nate hurvitz astronomer

nate the sculptor/astronomer

I’m ahead of my story

Even though he con­tin­ued to write all his life, and had projects on which he was work­ing when he died, Dad was nev­er able to make a liv­ing from his writ­ing. On his return from his “all expens­es paid tour of Europe dressed in green” he devel­oped an intense inter­est in Jew­ish his­to­ry and life… espe­cial­ly the life of the destroyed com­mu­ni­ties of East­ern Europe from which his par­ents had come. He worked, not as a writer, but as a social work­er in the Jew­ish com­mu­ni­ty and then in pri­vate prac­tice as a mar­riage and fam­i­ly coun­selor. He and our moth­er col­lect­ed arti­facts that depict­ed the life of the work­ing-class Jews of East­ern Europe. (He used to joke that this was our yerushe ירושׁה (inher­i­tance).)

our inheritance

part of our (phys­i­cal) inher­i­tance

After Dad died, Mom arranged to give their col­lec­tion of graph­ics (wood­cuts, lith­o­graphs, and etch­ings)to the Magnes Muse­um in Berke­ley, Cal­i­for­nia which exhib­it­ed the col­lec­tion

shtetl life brochure

shtetl life brochure

and pro­duced a cat­a­log of it.

shtetl life catalog (front)

shtetl life cat­a­log (front)

nothing alien

Dad was a life-long athe­ist, and though he nev­er read Rosen­zweig (pre­fer­ring his­to­ri­ans to philoso­phers), he would like­ly have agreed with the para­phrase of Ter­ence attrib­uted to him (Franz): “noth­ing Jew­ish may be exclud­ed as alien”. Dad was com­mit­ted to the sur­vival of the Jew­ish peo­ple. Even dur­ing his years as an Inter­na­tion­al­ist (as con­trast­ed with being a Zion­ist), he and Mom sent me to Habon­im sum­mer camp and encour­aged my par­tic­i­pa­tion in Zion­ist youth activ­i­ties. As an athe­ist Jew­ish fam­i­ly, we observed Shab­bat in our home with can­dle light­ing and its bless­ings, kid­dush, and motzie. When Dad’s col­leagues would join us for Shab­bat din­ner they would won­der why “Natie Hurvitz the athe­ist” was say­ing the bless­ings. He respond­ed by say­ing that:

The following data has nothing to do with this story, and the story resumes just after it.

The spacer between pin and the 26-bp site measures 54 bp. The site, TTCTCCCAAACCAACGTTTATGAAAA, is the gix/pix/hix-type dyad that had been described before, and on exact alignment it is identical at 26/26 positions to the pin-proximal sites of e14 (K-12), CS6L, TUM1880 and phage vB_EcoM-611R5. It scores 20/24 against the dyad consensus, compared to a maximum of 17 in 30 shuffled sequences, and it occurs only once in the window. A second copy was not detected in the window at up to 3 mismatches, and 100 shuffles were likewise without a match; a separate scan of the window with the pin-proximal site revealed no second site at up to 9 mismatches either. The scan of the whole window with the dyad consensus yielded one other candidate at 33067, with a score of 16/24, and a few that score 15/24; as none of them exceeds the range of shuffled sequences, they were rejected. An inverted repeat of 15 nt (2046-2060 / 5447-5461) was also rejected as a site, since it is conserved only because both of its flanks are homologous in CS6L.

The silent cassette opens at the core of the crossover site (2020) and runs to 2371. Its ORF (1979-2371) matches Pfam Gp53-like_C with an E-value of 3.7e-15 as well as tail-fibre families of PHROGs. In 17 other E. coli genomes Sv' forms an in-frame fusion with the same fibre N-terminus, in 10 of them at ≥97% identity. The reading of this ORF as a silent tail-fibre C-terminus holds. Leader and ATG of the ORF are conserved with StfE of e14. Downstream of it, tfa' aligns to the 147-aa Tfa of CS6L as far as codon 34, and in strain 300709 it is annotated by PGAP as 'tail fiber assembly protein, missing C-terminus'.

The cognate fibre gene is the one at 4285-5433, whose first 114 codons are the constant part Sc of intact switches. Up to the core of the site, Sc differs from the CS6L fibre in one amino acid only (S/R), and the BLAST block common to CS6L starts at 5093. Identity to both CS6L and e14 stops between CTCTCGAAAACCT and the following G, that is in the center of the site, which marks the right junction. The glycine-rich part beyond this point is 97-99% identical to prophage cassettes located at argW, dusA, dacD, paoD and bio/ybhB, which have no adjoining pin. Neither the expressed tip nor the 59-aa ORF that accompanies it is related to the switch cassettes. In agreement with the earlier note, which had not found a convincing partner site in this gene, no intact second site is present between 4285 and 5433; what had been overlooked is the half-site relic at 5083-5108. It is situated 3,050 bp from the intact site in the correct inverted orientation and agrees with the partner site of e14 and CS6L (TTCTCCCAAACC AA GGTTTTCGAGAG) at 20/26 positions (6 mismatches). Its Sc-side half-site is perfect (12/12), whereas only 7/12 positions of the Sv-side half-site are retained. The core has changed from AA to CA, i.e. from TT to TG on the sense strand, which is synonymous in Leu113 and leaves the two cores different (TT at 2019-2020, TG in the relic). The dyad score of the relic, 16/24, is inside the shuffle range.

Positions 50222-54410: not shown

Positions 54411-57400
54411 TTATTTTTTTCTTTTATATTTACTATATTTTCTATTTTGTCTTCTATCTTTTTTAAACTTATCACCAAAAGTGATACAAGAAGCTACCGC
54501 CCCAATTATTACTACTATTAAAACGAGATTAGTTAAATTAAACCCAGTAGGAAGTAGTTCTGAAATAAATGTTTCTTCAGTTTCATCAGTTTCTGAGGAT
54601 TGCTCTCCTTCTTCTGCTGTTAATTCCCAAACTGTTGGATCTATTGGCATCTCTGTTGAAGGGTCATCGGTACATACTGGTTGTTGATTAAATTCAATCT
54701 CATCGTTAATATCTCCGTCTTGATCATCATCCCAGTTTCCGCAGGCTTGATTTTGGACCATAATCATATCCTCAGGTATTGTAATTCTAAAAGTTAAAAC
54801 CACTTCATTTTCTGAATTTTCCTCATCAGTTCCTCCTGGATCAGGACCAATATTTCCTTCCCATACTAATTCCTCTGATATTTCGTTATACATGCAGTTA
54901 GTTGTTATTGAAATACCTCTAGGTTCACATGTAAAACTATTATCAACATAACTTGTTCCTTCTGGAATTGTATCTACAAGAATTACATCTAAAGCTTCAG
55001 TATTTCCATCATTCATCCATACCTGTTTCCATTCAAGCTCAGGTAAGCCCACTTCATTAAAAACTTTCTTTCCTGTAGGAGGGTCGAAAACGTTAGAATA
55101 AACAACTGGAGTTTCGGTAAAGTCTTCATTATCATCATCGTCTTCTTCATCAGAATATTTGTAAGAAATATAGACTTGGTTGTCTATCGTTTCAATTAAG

These are the folk­ways of our peo­ple. As the world turns toward dark­ness, it has been the role of the Jew­ish peo­ple to light can­dles in the dark. By doing so we iden­ti­fy our­selves with Jews every­where and through­out his­to­ry who have lit their can­dles.

His intense com­mit­ment to the Jew­ish people’s sur­vival, pos­si­bly blind­ed him in ways that caused him pain, and like­ly short­ened his life even more than the phys­i­cal prob­lems that he refused to allow to lim­it him.

but tweeting #torah?

How did the son of Nathan Hurvitz, the Yid­dishist Sec­u­lar­ist Inter­na­tion­al­ist Athe­ist, become a rab­bi encour­ag­ing peo­ple to do this:

”Twit­ter Torah to the top” in the “cloud” as it appears above #Sinai for #Shavuot.

first: polity

With the world’s aware­ness of the “Face­book Rev­o­lu­tion&Twit­ter Rev­o­lu­tion” in Moldo­va as well as in Iran, Tunisia, Egypt and oth­er parts of the Arab World, I won­der: can the Jew­ish Com­mu­ni­ty use Twit­ter as a com­mu­ni­ty orga­niz­ing tool. Can we “Tweet #Torah to the Top”? Can we use this it as an “orga­niz­ing project”, a test to see if some­thing more con­se­quen­tial than Justin Bieber, can draw people’s atten­tion.

As MyJewishLearning.com expressed it recent­ly in its dai­ly e‑newsletter called “Jew­ni­verse”:

The project’s imme­di­ate goal is to make “Torah” one of Twitter’s most-talked-about top­ics.

I would call that a worth­while goal in and of itself.

This effort “democ­ra­tizes” Torah. Every­one can share a thought about Torah: